SHC recommends action against judge for ‘exceeding his authority’

Published March 3, 2019
The sessions judge has allowed a hydrant sealed by KWSB to reopen.— Reuters/File
The sessions judge has allowed a hydrant sealed by KWSB to reopen.— Reuters/File

KARACHI: The Sindh High Court has set aside the order of a sessions court through which it allowed a sealed hydrant in Malir to function, and recommended departmental proceedings against the judge for exceeding his authority, it emerged on Saturday.

A single bench of the SHC headed by Justice Salahuddin Panhwar observed that apparently the sessions judge despite having knowledge of the Supreme Court’s orders on the subject had exceeded his authority.

It directed the SHC registrar to place this order before the competent authority for departmental proceedings against the sessions judge concerned.

The bench passed the order on an application of the Karachi Water and Sewerage Board (KWSB) against an order of Additional District and Sessions Judge (Malir) Shafi Mohammad Pirzada for allowing a private water purification services firm to operate after the KWSB sealed its premises.

The sessions judge had allowed a hydrant sealed by KWSB to reopen

The KWSB submitted that they with the help of police and revenue officials had sealed an illegal hydrant/RO plant in Malir in accordance with the apex court’s orders. However, the firm moved the sessions court against the KWSB action and stated that they were using and purifying subsoil water.

In October 2018, the sessions judge had allowed the application and issued directions to unseal the premises, adding that the KWSB was at liberty to take action against the applicant after preparation of a uniform policy of using subsoil water or running RO plant as per the direction of the Supreme Court.

The sessions judge in his order said that the apex court twice asked the KWSB to prepare a uniform policy regarding utilisation of subsoil water, but KWSB failed to comply with it.

The sessions court further observed that police had ‘malafidely’ acted or exercised the powers of locking the premises of the applicant while using the name of the KWSB.

Referring to the two orders the apex court handed down in 2015 and 2017, the KWSB submitted before the SHC that the sessions judge was not competent to pass such an order.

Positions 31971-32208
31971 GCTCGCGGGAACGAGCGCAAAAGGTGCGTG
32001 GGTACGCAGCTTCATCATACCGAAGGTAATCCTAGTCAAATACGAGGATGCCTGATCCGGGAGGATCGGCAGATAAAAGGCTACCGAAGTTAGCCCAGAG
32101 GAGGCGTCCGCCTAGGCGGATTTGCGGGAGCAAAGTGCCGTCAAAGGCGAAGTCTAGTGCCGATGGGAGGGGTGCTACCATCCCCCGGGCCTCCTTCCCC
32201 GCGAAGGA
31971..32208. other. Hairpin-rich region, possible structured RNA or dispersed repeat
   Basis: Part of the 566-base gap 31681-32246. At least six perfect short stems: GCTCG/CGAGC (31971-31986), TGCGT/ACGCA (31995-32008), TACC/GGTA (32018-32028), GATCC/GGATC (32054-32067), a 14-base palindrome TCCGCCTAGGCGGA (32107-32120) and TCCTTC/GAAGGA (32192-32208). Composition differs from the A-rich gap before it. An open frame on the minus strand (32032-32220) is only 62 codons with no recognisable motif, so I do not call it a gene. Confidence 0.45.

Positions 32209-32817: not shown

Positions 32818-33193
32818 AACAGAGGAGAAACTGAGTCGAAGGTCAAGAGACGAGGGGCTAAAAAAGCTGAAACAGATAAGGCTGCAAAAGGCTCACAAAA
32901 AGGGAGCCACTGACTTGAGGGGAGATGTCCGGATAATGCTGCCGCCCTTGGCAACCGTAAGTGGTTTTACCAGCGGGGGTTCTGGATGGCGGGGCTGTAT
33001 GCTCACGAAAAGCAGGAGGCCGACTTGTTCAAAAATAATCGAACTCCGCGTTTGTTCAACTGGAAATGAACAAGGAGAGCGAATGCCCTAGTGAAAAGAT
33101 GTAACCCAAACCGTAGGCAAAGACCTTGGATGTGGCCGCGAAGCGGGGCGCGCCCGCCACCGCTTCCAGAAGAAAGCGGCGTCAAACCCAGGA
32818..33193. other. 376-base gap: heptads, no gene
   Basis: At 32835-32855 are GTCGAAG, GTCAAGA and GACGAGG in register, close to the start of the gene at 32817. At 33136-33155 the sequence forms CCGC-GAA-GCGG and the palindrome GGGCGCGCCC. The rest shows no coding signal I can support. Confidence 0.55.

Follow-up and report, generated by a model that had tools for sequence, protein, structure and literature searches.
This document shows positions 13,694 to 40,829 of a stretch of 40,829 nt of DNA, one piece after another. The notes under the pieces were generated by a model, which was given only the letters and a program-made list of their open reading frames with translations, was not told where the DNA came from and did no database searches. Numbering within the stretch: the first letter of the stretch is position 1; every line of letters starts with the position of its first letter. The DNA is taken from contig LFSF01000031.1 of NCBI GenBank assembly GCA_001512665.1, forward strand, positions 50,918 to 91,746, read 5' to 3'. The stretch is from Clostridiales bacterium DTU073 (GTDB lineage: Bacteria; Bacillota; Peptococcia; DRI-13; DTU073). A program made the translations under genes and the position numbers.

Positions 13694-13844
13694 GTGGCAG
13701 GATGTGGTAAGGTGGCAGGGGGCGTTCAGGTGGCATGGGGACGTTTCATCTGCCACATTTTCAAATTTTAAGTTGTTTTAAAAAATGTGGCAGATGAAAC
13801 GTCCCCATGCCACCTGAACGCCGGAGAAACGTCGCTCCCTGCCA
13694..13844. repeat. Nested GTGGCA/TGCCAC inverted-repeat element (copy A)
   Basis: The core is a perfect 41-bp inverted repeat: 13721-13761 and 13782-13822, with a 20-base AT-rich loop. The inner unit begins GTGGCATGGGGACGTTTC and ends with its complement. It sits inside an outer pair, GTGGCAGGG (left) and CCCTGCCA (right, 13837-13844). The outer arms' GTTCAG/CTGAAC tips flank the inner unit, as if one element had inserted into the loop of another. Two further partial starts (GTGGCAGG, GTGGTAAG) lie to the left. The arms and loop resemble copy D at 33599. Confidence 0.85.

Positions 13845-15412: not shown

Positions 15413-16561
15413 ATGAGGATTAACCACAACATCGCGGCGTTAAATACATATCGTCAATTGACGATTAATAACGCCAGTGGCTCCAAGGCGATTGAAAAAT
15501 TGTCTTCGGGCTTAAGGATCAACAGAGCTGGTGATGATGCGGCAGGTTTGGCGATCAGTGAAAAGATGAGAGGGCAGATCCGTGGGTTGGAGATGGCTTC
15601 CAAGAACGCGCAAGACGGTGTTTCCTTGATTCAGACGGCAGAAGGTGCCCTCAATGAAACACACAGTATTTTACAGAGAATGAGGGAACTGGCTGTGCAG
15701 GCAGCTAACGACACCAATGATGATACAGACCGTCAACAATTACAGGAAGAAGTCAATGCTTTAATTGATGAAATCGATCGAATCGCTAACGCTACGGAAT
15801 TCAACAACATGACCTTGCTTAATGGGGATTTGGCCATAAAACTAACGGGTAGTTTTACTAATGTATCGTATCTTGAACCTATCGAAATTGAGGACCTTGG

The SHC observed that the sessions judge was well aware about the orders of the apex court while the KWSB had also categorically owned the action taken in pursuance of the apex court’s orders while police just acted in aid.

The bench further said that the sessions court passed the order under Section 22-A of the Criminal Procedure Code, which could only be exercised for issuing appropriate directions to police.

“Further, I shall also add here that the honourable apex court had first demanded an immediate action and then had directed to frame a policy. It is worth to mention that in pursuance of order of the apex court, even district and sessions judges were required to help out the relevant departments with regard to the illegal hydrants and RO plants,” Justice Panhwar observed.

Although the respondent claimed that they were extracting subsoil water which could not be termed as an illegal hydrant, he observed that without making any comment on the legality of such issue, the sessions judge was never competent to examine the legality or illegality of this issue while acting as an ex-officio justice of peace.

Moreover, the sessions judge passed an order which was likely to operate as a declaration as he allowed use and sale of subsoil water without any cover of licence or regulations, the SHC bench ruled.

Published in Dawn, March 3rd, 2019



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